Communicate proactively, establish common ground on the facts of the situation, and try to help the team move toward a solution.

If all that doesn't improve things, it may be time to look for a new job. Time spent in difficult work environments does make you stronger, but don't stay too long. If it becomes clear that the situation wont' change, don't beat your head against the wall. Far better to spend your time building skills and working with great people than learning how to "survive" difficult work environments.

Check out Extreme Ownership, a concise, practical guide to getting stuff done under pressure. (I'm thinking in particular of the chapter, "Prioritize and Execute.")

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Yokim Pillay Author

Hi, Chris!

Yeah, toxic was probably a bad word choice, apologies for that.

I think this is a good way to go about things in the future. At least then it will, in my mind, pave way for better communication in the long run.

I'll definitely check Extreme Ownership out, thanks for this, Chris! I appreciate your outlook. :)

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edA‑qa mort‑ora‑y

There's significant differences between incompetence, inexperience, and toxicity. It sounds mostly like Person 1 is in the inexperienced category. He's probably trying to do his best, and given that stuff is getting done I wouldn't call him incompetent (I reserve that for people that truly don't know what they're doing). He may be a litle, or a lot, of his depth here. He's likely stressed as well.

Toxicity is somebody who is actively creating a shitty work environment. They put people down, prop themselves up, talk poorly of people, complain, never have a kind word, and generally make the environment aweful. These people aren't that common, as they've been rightfully fired from many positions. If you do encounter such a horrible person, you make formal complaints, and if nothing comes of it, you quit. (Note, sometimes people are just this way temporarily due to a bad day or stress, that is something different, should it subside at least.)

But, alas, for Person 1. Have you really tried talking to the guy? Asking why he assigns things this way, asking how you might help with the problem. Attempt to understand why he's doing it, and see if you can help. He might just be getting this stuff from a higher up. Have you complained to him about his behaviour? Have you complained to HR, in case you have one. That is, try to understand the whole situation and him.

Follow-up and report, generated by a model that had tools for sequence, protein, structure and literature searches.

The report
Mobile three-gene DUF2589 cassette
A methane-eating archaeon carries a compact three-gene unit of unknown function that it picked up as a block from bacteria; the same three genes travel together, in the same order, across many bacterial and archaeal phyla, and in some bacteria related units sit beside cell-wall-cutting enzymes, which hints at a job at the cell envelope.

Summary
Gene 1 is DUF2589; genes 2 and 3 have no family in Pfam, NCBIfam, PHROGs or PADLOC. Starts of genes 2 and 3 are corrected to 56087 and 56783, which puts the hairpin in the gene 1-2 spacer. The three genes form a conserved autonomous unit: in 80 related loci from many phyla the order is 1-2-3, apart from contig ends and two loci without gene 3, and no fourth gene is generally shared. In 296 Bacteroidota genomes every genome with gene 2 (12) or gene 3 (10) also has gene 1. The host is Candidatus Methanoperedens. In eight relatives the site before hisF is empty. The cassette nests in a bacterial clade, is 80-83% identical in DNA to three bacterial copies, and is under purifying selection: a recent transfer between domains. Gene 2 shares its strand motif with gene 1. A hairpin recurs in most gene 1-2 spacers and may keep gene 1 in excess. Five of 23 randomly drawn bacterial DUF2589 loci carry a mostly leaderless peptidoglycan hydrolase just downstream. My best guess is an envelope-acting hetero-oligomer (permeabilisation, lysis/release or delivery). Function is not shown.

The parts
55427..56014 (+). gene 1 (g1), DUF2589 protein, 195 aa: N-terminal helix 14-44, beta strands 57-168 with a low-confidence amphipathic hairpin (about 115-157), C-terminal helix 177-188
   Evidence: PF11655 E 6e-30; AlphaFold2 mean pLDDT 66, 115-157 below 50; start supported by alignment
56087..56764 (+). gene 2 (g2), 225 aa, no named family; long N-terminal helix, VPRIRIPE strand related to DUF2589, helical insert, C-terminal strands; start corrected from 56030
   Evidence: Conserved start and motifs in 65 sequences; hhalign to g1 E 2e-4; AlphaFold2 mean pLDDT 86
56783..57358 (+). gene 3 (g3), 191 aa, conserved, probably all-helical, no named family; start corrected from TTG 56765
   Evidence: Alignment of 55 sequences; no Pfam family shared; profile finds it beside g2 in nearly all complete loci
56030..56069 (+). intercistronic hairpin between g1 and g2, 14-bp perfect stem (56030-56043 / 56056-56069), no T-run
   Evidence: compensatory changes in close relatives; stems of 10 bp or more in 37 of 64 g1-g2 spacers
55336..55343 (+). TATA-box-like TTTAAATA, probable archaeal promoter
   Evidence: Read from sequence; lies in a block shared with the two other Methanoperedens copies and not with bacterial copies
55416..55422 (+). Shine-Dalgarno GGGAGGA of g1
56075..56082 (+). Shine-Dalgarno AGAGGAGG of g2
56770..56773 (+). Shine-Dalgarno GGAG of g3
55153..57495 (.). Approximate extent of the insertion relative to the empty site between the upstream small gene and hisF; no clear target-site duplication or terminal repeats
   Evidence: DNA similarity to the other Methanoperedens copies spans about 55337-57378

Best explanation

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Yokim Pillay Author

Thanks for your reply!

So Person 1 is actually the most experienced out of all of us, and they are aware of the issues at hand (Persons 2 & 3 have spoken to them a couple of times before).

Person 1 is definitely stressed out with the workload, which is understandable, it's just difficult to try and get a point across when they are not willing to listen to you and the points we try to make so that we can tackle the challenges and make the environment a happier and more positive one.

I personally haven't spoken to them as of yet, I'm very apprehensive as I'm the newest person in the team and don't feel that I have a 'foot to stand on', so to say.

We're an extremely small team, we only have the 4 of us, so, unfortunately, there are no external resources like HR.

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Chris Raser

Definitely tread lightly, and if you can, phrase any suggestions in a way that's aimed at reducing Person 1's stress level, rather than pushing back on what they're asking for.

BAD: "These emergency features are killing the project timeline. I can't get any work done when I'm constantly sidetracked!"

GOOD: "I'm currently working on feature X. I can switch to feature Z, but I'll need an extra day to get X finished. Or, if you're okay with delivering X without the configurable Frob, I can still get it done on time."

Do your best to offer options and solutions, and try to support the team's goals. This is often referred to as "managing up", or "managing your manager." It's a hugely important skill.

But as I mentioned in my other comment, sometimes the situation is intractable, and it's simply time to look for a new gig.

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yokim profile image
Yokim Pillay Author

Spot on. I still have a lot to learn about this world we work in, and how to see things from other standpoints, but this helps a lot, thanks!